New York - Private school parents throughout New York State are heaving a collective sigh of relief today as controversial educational guidelines have been struck down by a New York State Supreme Court judge.
In a decision dated April 17th, Judge Christina Ryba declared regulations announced late last year by New York State Education Commissioner MaryEllen Elia that would have mandated significantly increased secular study hours in all nonpublic schools to be “null and void.”
As previously reported on VIN News (http://bit.ly/2UsfJYO) five yeshivos with a collective history of more than 500 years of Orthodox Jewish education in New York City, Agudath Israel of America, Torah Umesorah and Parents for Educational and Religious Liberty in Schools sued Board of Regents Chancellor Betty Rosa and Elia for overstepping their legal boundaries and infringing on religious freedoms when they issued the guidelines. Two other groups, representing the Catholic school and the secular private school communities, also filed suit in the hopes of having the guidelines rescinded.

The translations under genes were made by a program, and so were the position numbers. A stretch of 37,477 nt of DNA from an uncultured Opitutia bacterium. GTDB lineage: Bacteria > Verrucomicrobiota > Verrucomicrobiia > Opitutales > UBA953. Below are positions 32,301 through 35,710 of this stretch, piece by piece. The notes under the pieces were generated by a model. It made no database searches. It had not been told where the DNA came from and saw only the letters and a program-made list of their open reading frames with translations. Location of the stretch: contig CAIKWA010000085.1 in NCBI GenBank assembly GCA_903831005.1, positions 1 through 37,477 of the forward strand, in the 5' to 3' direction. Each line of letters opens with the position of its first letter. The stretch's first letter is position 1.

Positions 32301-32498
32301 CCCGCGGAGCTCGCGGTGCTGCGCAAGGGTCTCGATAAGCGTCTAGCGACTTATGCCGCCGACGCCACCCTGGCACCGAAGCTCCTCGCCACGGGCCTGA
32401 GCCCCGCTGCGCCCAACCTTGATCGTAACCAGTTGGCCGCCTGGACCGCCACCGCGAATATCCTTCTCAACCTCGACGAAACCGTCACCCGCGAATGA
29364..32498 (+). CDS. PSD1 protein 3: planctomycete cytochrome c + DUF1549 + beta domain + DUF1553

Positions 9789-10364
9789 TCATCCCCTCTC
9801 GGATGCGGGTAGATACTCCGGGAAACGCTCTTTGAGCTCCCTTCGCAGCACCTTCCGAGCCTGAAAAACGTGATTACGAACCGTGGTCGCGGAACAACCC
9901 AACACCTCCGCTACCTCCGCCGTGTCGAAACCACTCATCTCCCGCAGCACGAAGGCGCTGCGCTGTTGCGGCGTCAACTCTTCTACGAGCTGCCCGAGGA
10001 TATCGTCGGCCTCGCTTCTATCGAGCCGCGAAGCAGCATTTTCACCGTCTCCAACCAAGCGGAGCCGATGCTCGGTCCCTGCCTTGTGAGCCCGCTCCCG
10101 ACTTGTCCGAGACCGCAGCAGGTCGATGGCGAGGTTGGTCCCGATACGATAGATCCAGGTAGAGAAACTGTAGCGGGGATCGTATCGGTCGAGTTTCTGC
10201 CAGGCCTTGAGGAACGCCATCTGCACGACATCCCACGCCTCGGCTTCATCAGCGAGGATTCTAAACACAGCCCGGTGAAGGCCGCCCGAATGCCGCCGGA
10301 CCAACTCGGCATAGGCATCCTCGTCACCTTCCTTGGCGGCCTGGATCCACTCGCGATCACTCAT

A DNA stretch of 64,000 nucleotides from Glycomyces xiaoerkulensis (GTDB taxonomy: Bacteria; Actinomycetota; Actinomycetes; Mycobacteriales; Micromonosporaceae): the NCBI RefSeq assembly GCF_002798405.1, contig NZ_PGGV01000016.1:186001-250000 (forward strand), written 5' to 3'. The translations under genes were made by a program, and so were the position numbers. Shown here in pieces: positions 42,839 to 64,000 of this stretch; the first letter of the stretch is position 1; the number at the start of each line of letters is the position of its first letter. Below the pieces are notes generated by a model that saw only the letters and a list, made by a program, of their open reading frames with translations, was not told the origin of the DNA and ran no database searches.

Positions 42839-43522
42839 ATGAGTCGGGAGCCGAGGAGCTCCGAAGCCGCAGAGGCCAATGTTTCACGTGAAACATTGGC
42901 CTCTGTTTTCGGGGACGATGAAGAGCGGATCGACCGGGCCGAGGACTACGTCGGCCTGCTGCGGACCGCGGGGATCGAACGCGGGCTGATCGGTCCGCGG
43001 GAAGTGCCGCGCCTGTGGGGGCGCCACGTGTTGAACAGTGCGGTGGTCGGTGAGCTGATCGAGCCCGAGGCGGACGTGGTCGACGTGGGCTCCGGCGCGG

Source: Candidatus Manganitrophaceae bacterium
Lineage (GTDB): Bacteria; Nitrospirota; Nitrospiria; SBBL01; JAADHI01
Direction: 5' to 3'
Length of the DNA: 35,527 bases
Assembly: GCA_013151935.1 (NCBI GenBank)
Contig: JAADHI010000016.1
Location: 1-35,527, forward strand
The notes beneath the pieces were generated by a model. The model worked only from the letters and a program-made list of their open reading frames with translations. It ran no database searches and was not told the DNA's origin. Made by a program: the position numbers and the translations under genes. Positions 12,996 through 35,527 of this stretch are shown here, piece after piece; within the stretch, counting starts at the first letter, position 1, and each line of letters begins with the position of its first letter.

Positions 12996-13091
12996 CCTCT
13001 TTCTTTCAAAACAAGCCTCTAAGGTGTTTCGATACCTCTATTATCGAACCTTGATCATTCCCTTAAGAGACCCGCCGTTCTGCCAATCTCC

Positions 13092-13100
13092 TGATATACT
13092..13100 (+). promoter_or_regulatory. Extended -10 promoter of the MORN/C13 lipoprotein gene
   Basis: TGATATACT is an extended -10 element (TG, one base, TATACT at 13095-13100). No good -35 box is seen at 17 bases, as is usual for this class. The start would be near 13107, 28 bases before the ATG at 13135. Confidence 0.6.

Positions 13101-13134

In her seven page decision, Judge Ryba said that the guidelines were actually rules which had been implemented in a way that conflicted with New York State Administrative Procedures Act which defines how state agencies develop rules and regulations.
Rabbi Chaim Dovid Zwiebel, executive vice president of Agudath Israel of America, called Judge Ryba’s decision wonderful news, noting that the timing of the lawsuit was hard to ignore. The petition was filed on the first day of the month of Adar, a particularly auspicious time in the Jewish calendar, while the decision was handed down just two days before Passover, a holiday also known by the name Z’man Chayrusaynu, the time of our freedom.
“Freedom has many different manifestations,” Rabbi Zwiebel told VIN News.
Rabbi Dovid Nojowitz, executive director of Torah Umesorah was equally enthusiastic, categorizing the decision as a big win for the Jewish community.
“With G-d’s help, we will be able to continue educating our children in the way that our yeshivos have been noted for,” said Rabbi Nojowitz. “We look forward to creating the next generation of responsible members of the Jewish community.”